Our ordeal in the IDP Camp — Boko Haram survivor *How they're starved, sometimes for a month

Posted by Ruby Leo | 29 June 2018 | 2,187 times

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•IDPs in Borno

A mother of two who was held captive for over a year and eight months by Boko Haram terrorists and finally escaped, says though they are safe in the Internal Displaced Persons (IDP) camp, they can go for a whole month without food being provided by the government or donor agencies.

Amina Mohamed who is presently living in Maiduguri with her children at the National Youth Service Corps IDP camp narrated that she and her children are sometimes left to fend for themselves without any assistance from the government for long periods of time.

According to her, life in the IDP camp was quite difficult, as they were solely dependent on communities and humanitarian organisation who come with food to assist those at the camps.

The mother of two was speaking at a one day workshop on the protection of civilians in armed conflict situations towards a national policy organised by the Center for Civilians in conflict in conjunction with the Africa Center for Strategies Studies.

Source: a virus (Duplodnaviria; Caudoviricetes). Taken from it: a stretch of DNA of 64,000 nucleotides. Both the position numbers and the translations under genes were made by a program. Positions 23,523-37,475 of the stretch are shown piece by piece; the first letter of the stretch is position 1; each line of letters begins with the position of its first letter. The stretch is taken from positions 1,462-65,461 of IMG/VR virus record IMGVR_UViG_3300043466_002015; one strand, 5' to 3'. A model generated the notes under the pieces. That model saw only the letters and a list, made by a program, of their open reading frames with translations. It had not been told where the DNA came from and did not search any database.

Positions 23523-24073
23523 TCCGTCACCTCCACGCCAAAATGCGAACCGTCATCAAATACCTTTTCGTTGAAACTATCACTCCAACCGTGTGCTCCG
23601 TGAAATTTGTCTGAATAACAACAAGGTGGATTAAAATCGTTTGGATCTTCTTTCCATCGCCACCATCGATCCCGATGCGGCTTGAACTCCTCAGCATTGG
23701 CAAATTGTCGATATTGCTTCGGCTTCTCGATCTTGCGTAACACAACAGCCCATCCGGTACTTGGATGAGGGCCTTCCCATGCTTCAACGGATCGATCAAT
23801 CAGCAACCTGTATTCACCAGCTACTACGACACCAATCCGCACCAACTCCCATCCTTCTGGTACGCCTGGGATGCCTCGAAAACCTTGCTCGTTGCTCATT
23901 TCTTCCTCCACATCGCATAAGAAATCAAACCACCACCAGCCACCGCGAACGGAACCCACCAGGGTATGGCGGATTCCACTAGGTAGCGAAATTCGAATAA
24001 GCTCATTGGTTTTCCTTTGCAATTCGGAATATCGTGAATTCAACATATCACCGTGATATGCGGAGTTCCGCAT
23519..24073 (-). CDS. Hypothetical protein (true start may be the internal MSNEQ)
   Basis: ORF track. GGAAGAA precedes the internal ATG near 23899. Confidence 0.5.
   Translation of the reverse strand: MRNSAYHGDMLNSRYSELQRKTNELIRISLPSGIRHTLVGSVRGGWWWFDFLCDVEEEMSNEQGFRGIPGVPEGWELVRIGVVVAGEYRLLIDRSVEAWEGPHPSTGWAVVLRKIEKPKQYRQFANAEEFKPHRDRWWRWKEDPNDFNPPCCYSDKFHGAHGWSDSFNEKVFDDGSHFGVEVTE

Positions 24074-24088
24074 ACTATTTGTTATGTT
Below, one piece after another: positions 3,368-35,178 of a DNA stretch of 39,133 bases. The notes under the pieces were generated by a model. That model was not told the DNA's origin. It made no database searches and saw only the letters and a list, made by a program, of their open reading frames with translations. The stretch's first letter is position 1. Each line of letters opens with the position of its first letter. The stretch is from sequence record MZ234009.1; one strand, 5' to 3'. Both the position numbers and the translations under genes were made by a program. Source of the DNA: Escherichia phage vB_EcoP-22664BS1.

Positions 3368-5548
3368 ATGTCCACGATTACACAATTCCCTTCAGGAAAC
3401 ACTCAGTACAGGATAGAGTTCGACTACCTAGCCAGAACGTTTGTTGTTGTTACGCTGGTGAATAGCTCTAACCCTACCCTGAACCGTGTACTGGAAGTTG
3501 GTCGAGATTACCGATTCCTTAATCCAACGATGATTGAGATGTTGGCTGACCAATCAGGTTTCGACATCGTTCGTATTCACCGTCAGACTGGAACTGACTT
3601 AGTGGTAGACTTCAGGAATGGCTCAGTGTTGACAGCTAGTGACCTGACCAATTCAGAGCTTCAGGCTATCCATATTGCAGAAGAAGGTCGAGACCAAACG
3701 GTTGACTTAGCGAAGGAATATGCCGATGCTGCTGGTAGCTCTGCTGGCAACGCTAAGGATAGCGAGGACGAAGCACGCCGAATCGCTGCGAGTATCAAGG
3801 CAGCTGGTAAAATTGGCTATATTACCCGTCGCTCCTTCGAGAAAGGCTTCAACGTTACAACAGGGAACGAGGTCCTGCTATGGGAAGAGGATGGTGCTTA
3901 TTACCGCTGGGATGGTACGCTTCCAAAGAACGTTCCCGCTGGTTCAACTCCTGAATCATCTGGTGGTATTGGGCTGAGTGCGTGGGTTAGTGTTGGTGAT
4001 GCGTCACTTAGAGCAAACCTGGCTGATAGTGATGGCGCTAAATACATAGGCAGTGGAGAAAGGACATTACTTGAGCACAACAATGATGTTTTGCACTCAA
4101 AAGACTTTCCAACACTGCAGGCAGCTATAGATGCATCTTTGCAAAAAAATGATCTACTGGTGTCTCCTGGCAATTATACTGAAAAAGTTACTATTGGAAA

Mohammed revealed that her village was attacked in 2014 wherein her husband and son were killed by the terrorist and that she lost contact with most of her family members when she was in captivity.

Making a passionate appeal to the military and government Amina said, “we have a lot of our family members still held captive in the forest by the terrorists because they are scared to escape, I know the military is doing so much, but they need to do more to rescue them”.

Earlier Major General Ibrahim Yusuf who was once the General Officer Commanding (GOC) 7 Division Maiduguri from May 2017 – May 2018 noted that some of the challenges faced in executing a successful operation are trust issues between the civilian and the military who refuse to relate activities of the terrorists to the military for fear of attacks on their families.

He cited the vast terrain of Borno which makes it difficult for the military to actively patrol and lastly the lack of synergy between some humanitarian organization and the military while each conduct their activities.

The president of the Africa Center for Strategic Studies, (Nigeria Chapter), Major General Shehu Yusuf (rtd) said that the draft policy states that though civilian harm is a tragic and often unavoidable consequence of the use of force during conflict, it is a national policy that all security operations involving Nigerian government agencies and forces will prioritize the safety and security of Civilians. (Daily Trust)


Source: News Express

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